- Review Price: £630.00
It’s been nearly two years since I reviewed the Canon EOS 30D, and in that time the market for mid-range semi-professional digital SLRs has become a lot more crowded. While Canon is still the undisputed worldwide DSLR market leader, it no longer has only Nikon to worry about. The EOS 40D faces some pretty determined competition, so is this upgrade of the popular EOS 30D good enough to hold onto the lead?
Launched in August last year, the 40D is currently selling for around £630 body-only, or around £860 with the EFS 17-85mm lens seen here. By comparison, the new 14.2-megapixel Sony A350 is priced at £499 body-only or £569 with an 18-70mm lens, the 14.6-megapixel Pentax K20D is £769 body-only or £799 with an 18-55mm lens, and the 10-megapixel Olympus E-510 is £398 with a 14-42mm lens. Nikon’s 10-megapixel D80 is £489 body only or £645 with an 18-70mm, while the 12-megapixel D300 is £989 body only. At first glance this makes the 40D look a bit over-priced.
While the EOS 30D was only a detail upgrade over the ESO 20D, the EOS 40D is a much more substantial improvement. The most obvious change is the increase from 8.2 to 10.1 megapixel resolution, with Canon’s proprietary CMOS sensor getting a thorough overhaul including improved photocell design and on-chip noise reduction, as well as 14-bit processing for better colour depth and dynamic range. When most its immediate competitors are sporting 12 or even 14 megapixel sensors the 40D could be seen as lagging behind in this department, but in reality the gains from a couple of extra megapixels are much less significant than improvements in overall picture quality. It is also possible that Canon don’t want to tempt buyers away from the aging but still impressive EOS 5D professional camera, with its 12.8 megapixel full-frame CMOS sensor.
Externally the body is slightly larger and 40g heavier than the 30D, reflecting its more robust construction and improved environmental sealing. The rubber seals over the I/O ports have been upgraded, but there is still no seal around the lens mount, battery hatch or buttons, and the card slot hatch has a simple sliding snap closure rather than the locking mechanism found on most other semi-pro cameras. While the camera isn’t as fully weatherproof as some other DSLRs such as the Pentax K20D or Nikon D300, it is certainly tough enough to survive regular professional use. The extra weight doesn’t really affect the handling, and does make the camera nice and stable for hand-held use. The shape of the handgrip has also been revised, with an indent for the second finger, and it is now more comfortable and provides a more secure grip.
The control layout is basically identical to the EOS 30D, with a large data input dial on the back, a smaller knurled wheel positioned under the right forefinger, and a joystick-like directional control for menu navigation. The main menu has been revised, and now has the multi-page tabbed appearance of the latest EOS 1D cameras. One feature I was not particularly enamoured by is the exposure compensation control. To operate it you have to half-press the shutter release, then turn the rear dial to alter the compensation setting. I found this to be quite fiddly and counter-intuitive. A simple exposure compensation button would have been far simpler. I also agree with some other reviewers that the “print” button is superfluous on a camera of this class, and would be better replaced by a programmable function button.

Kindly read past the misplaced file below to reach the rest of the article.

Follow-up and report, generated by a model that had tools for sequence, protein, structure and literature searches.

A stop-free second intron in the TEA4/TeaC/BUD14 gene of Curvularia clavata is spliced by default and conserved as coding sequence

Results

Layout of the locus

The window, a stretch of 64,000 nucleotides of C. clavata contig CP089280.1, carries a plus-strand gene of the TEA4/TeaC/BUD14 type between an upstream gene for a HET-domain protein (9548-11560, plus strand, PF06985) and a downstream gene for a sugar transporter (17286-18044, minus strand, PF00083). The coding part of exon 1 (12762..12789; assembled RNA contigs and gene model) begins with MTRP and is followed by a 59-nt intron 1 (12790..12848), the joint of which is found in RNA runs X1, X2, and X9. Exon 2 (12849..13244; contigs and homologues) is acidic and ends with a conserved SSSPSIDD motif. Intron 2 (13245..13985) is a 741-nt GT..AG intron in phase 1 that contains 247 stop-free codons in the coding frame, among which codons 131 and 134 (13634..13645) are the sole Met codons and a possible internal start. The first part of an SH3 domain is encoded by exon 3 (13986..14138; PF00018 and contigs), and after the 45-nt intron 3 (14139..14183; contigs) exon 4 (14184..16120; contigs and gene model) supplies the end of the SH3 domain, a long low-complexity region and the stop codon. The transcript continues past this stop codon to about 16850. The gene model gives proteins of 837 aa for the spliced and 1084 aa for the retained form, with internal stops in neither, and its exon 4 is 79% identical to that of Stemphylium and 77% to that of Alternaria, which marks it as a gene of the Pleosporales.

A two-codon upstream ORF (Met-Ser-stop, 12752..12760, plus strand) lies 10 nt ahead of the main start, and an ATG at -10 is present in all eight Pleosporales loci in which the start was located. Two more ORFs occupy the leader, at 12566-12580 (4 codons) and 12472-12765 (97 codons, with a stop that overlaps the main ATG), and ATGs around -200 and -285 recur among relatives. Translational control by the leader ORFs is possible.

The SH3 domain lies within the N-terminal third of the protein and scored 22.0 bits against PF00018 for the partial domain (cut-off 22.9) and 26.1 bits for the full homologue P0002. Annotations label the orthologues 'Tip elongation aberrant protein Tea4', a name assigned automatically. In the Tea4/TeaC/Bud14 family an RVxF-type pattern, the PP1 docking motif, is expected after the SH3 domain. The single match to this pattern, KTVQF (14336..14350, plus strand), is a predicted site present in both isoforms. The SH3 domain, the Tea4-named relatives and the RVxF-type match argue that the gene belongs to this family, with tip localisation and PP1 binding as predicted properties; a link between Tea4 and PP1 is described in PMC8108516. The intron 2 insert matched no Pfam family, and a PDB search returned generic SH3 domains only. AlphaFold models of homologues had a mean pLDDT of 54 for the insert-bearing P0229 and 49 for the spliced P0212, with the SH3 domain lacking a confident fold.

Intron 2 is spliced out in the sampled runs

Another external improvement is the new 3.0-inch LCD monitor, which has a resolution of 230k dots and is brighter and has higher contrast than the unit on the 30D. It also now incorporates live view, a feature first introduced by Olympus that is appearing on more DSLRs. This is a useful feature for studio work, when the camera may be mounted on a tripod in a position that make using the viewfinder difficult, but Canon’s implementation of this feature is not without its drawbacks, the main one being the lack of autofocus in live view mode. Nikon and Olympus both include a basic contrast-detection AF option in live view, while Sony’s A350 has a separate phase-detection AF sensor for live view and an articulated monitor. By comparison the 40D’s live view mode seems quite limited. The new monitor also has a smaller angle of view than the previous model, although at 140 degrees it is still wide enough for most purposes.
The 40D’s other improvements are internal. I’ve already mentioned the 14-bit data path and improved sensor design. The sensor includes a self-cleaning mechanism which vibrates the low-pass filter, shaking off any dust onto a sticky strip positioned below the sensor. This is basically the same type of mechanism used by a number of other manufacturers, including Sony, Nikon, Pentax and Olympus. It’s difficult to judge the long-term effectiveness of such a system, but anecdotal reports from users appear to be favourable. However while testing the camera I discovered that dust had somehow managed to get inside the EFS 17-85mm IS lens that was supplied with my review sample, including several large particles between the front and second elements. The 40D includes a dust spot deletion feature, whereby a photo of a plain white surface is used to create a mask to hide the effects of any persistent sensor dust spots, but it proved to be incapable of correcting the effects of the dust inside the lens.